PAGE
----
Newark Riots of 1967
The Newark Riot of 1967, which took place in Newark, New Jersey from July 12 through July 17, 1967, was sparked by a display of police brutality. John Smith, an African-American cab driver for the Safety Cab Company, was arrested on Wednesday, July 12 when he drove his taxi around a police car and double-parked on 15th Avenue.
According to a police report later released to the press, the police claimed that Smith was charged with “tailgating” and driving in the wrong direction on a one-way street. Smith was also charged with using offensive language and physical assault.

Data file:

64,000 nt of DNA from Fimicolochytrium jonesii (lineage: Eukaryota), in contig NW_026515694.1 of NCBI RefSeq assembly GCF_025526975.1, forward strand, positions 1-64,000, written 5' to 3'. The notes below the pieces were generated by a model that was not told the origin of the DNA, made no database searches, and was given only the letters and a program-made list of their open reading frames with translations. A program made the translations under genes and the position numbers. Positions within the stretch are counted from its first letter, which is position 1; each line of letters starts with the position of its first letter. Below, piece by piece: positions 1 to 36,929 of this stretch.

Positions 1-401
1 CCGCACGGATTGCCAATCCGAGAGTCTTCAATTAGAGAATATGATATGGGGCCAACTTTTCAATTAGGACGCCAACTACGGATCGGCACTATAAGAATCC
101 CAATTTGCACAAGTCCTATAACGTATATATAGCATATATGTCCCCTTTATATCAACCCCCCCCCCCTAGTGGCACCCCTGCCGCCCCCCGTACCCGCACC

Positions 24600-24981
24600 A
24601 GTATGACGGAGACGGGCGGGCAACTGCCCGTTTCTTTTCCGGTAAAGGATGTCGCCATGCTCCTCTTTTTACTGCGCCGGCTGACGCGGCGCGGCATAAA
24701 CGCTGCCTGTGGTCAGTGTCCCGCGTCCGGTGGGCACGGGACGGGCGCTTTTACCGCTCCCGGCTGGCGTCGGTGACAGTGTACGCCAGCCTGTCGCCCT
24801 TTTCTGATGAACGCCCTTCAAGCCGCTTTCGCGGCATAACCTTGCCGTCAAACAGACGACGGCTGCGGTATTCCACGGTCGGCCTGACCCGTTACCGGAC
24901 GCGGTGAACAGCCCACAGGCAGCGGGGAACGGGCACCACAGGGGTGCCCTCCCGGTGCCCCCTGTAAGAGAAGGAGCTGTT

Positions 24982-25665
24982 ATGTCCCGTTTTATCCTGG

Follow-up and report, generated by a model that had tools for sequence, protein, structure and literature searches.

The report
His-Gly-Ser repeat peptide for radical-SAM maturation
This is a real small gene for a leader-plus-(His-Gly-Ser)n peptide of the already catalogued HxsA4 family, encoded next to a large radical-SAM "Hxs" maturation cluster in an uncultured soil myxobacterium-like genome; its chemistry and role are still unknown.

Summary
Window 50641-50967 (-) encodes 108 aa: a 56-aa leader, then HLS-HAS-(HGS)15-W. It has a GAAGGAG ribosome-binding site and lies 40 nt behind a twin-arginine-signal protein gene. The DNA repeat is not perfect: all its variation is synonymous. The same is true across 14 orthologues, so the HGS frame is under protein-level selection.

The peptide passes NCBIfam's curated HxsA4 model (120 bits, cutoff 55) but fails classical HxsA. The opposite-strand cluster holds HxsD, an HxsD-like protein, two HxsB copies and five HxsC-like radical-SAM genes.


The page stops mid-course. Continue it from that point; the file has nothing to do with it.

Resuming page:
A witness who had seen Smith’s arrest called members of the Congress of Racial Equality (CORE), the United Freedom Party, and the Newark Community Union Project. These civil rights leaders were given permission to see Smith in his 4th Precinct holding cell. After noticing his injuries inflicted by the police, they demanded that he should be transported to a hospital. Their demands were granted and Smith was moved to Beth Israel Hospital in Newark.
News from black Newark cab drivers began to circulate on the arrest of Smith. Word spread down 17th Avenue, west of the precinct police station where Smith had been held.
As the riot approached its final hours, 26 people, mostly African Americans, were reported killed while another 750 were injured and over 1,000 were jailed. Property damage exceeded $10 million. The riot, the worst civil disorder in New Jersey history, ended on July 17, 1967.